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Phone ring blurs border divide

Calcutta, July 28: Residents in Bangladesh within 40 km of the border are making “local calls” to India and paying ISD charges.

Owners of telephone booths in the neighbouring country have devised a way of linking up to Indian numbers at local-call (instead of ISD) rates by subverting the telecom network.

The racket, which operates with the help of phone booth-owners on the Indian side, has its origin in Jessore and Satkhira in Bangladesh, said intelligence officials.

When a Bangladeshi, within 40 km of the border, goes to a phone booth to call someone in India, the owner puts him through to the number but, before that, he does something without his knowledge. He establishes a connection with a booth in India and routes the call to the Indian receiver through the network across the border.

Officials here said the system operates with the help of very powerful Chinese sets; hand-sets used by the Bangladeshi booth-owner can stay in touch with bases with his Indian counterpart at a distance of about 40 km.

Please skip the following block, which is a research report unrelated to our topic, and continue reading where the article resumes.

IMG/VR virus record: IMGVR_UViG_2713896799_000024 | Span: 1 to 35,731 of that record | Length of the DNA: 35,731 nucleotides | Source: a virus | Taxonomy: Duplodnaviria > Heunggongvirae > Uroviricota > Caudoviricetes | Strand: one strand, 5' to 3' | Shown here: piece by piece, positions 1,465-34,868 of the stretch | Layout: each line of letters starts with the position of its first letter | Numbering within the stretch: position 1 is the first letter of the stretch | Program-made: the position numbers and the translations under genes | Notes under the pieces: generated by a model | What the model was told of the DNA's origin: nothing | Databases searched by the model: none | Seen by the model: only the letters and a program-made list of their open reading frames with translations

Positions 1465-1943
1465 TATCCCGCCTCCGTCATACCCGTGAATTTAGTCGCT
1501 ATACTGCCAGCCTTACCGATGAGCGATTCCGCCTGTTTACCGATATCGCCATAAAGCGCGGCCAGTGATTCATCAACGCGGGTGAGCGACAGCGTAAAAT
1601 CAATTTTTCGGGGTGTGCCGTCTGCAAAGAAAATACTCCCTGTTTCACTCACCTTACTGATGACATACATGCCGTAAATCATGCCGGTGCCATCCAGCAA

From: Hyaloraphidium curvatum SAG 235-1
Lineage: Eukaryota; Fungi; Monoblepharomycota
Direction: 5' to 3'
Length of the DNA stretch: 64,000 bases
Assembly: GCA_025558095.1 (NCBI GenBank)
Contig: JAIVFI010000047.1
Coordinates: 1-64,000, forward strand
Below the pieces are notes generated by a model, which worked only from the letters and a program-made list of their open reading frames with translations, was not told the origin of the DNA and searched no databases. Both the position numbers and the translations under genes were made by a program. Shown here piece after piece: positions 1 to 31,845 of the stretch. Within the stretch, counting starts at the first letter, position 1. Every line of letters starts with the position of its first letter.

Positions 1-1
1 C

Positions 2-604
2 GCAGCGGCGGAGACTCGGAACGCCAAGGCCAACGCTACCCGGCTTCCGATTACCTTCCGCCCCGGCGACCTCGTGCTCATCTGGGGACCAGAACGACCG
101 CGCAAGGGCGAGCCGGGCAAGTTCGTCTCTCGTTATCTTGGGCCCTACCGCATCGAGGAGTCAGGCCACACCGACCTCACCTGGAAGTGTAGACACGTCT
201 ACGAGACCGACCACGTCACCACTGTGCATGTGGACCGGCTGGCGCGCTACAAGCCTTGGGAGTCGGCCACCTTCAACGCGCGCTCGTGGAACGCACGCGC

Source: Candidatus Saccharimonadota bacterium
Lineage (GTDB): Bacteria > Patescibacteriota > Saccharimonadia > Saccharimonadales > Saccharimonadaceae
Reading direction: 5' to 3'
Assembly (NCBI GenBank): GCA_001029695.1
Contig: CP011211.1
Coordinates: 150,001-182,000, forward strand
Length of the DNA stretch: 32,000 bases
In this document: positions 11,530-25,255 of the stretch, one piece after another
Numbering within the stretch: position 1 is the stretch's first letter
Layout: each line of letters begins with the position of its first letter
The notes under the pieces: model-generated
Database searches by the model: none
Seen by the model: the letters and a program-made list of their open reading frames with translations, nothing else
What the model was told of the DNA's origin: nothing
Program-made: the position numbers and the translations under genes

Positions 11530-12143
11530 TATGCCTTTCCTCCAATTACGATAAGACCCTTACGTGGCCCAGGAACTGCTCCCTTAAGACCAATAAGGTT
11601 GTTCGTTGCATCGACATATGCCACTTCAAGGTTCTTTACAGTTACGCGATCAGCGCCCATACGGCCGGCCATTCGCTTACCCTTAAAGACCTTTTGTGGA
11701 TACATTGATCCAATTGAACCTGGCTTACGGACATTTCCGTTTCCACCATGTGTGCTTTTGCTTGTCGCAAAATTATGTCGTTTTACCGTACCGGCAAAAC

Booth-owners on both sides are filling coffers giving a damn to security concerns. Semi-urban areas like Bongaon and Basirhat in North 24-Parganas and parts of South 24-Parganas which, like Jessore and Satkhira, have a large population with relatives or business interests across the border, are the areas of “highest concern”, said home officials monitoring the situation.

The Bangladeshi booth-owner charges ISD rates but does not pay a single rupee to his government; the Indian booth-owner gets a cut from the profit the Bangladeshi makes at the cost of his government and pays very little to the Bharat Sanchar Nigam Limited.

Officially, neither the BSF nor the BSNL has “any idea” of what is going on. The standard response: “We will act when we get specific complaints.”

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